Which Joe gave his name to ‘sloppy joes’? We look at five interesting sandwiches and their lexical origins.
A trumpet-shaped device formerly used as a hearing aid.
- ‘So we just put him over there with a large ear trumpet so he can still take part.’
- ‘An ear trumpet could make him a good stocking-filler, to help him with the tricky art of listening.’
- ‘Apparently ear trumpets would overcome the aural impediments, but even Edinburgh seems to have given up the ghost in these fine, if slightly old-fashioned, instruments.’
- ‘The pictured pseudophone is composed of two ear trumpets crafted from hearing aids.’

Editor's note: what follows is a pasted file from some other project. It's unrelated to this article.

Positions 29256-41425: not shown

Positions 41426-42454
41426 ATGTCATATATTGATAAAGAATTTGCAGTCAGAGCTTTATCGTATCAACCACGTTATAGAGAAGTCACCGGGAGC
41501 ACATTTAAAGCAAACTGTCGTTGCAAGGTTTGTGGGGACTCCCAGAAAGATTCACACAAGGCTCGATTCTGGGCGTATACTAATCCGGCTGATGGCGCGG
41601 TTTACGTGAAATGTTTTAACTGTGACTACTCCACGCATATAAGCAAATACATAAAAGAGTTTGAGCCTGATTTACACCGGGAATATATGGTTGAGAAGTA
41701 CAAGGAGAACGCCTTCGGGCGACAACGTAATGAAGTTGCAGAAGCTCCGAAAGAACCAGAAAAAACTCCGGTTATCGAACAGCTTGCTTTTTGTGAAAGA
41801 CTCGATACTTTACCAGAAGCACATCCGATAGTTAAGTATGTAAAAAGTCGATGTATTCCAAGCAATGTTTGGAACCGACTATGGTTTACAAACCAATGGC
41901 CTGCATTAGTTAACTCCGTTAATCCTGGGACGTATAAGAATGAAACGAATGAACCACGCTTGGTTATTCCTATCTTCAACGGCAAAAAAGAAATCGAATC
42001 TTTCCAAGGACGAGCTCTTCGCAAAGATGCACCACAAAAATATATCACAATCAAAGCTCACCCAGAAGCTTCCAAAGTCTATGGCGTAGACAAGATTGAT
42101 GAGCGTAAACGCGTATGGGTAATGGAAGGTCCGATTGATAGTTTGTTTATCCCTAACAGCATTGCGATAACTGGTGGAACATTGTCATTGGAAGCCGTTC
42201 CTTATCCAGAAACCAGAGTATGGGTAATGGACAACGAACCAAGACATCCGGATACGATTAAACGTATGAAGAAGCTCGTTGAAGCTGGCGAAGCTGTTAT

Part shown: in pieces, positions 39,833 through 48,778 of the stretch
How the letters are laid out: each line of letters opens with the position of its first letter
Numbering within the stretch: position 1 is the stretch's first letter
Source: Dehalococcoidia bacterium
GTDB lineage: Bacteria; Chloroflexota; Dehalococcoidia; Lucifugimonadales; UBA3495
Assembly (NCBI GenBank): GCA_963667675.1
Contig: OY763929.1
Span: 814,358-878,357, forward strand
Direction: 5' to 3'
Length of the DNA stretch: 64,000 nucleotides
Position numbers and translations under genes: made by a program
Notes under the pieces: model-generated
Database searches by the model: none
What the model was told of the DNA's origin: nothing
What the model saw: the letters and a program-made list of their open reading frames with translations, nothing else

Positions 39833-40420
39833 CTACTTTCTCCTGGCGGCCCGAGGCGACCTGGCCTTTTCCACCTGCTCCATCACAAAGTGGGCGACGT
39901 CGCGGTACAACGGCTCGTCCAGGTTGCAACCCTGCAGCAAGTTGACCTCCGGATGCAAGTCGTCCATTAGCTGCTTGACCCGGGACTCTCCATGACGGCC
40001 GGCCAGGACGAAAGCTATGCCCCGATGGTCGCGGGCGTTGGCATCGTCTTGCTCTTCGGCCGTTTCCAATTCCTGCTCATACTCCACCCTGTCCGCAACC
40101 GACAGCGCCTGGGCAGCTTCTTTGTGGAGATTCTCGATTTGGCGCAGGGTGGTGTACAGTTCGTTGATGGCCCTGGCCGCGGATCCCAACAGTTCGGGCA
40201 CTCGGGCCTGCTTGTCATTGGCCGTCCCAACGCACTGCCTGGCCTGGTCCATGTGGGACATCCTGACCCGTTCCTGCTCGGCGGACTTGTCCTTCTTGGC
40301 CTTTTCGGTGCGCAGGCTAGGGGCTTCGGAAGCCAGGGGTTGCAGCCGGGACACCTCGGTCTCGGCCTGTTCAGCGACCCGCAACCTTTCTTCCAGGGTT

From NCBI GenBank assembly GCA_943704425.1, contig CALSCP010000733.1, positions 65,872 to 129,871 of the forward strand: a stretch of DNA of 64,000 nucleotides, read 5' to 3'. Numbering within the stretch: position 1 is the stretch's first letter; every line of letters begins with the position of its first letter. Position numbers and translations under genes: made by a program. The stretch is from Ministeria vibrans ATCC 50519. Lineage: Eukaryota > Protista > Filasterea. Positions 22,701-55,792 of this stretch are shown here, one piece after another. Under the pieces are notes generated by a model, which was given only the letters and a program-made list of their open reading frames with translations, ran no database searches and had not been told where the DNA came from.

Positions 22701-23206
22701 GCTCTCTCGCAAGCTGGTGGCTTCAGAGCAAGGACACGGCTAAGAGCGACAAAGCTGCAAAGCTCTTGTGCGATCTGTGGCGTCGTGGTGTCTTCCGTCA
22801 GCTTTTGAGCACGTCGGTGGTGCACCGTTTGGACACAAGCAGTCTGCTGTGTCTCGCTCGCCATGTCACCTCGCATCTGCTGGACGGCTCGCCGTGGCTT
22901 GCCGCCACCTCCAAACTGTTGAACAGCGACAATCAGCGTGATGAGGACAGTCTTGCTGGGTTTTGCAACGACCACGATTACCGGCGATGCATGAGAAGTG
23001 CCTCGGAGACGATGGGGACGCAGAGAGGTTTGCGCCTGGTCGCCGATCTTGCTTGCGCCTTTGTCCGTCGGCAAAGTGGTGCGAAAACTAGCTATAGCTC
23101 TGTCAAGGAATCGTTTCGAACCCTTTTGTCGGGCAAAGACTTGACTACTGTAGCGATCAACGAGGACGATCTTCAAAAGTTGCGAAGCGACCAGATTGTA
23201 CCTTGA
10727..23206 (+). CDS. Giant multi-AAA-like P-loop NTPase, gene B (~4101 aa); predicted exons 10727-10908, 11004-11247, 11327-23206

- ‘Insects fascinated White, he even went as far as trying to see if bees could hear by shouting down a large ear trumpet next to the hives.’
- ‘Electronic hearing aids are active, but their predecessors, ear trumpets, were passive.’
We take a look at several popular, though confusing, punctuation marks.
From Afghanistan to Zimbabwe, discover surprising and intriguing language facts from around the globe.
The definitions of ‘buddy’ and ‘bro’ in the OED have recently been revised. We explore their history and increase in popularity.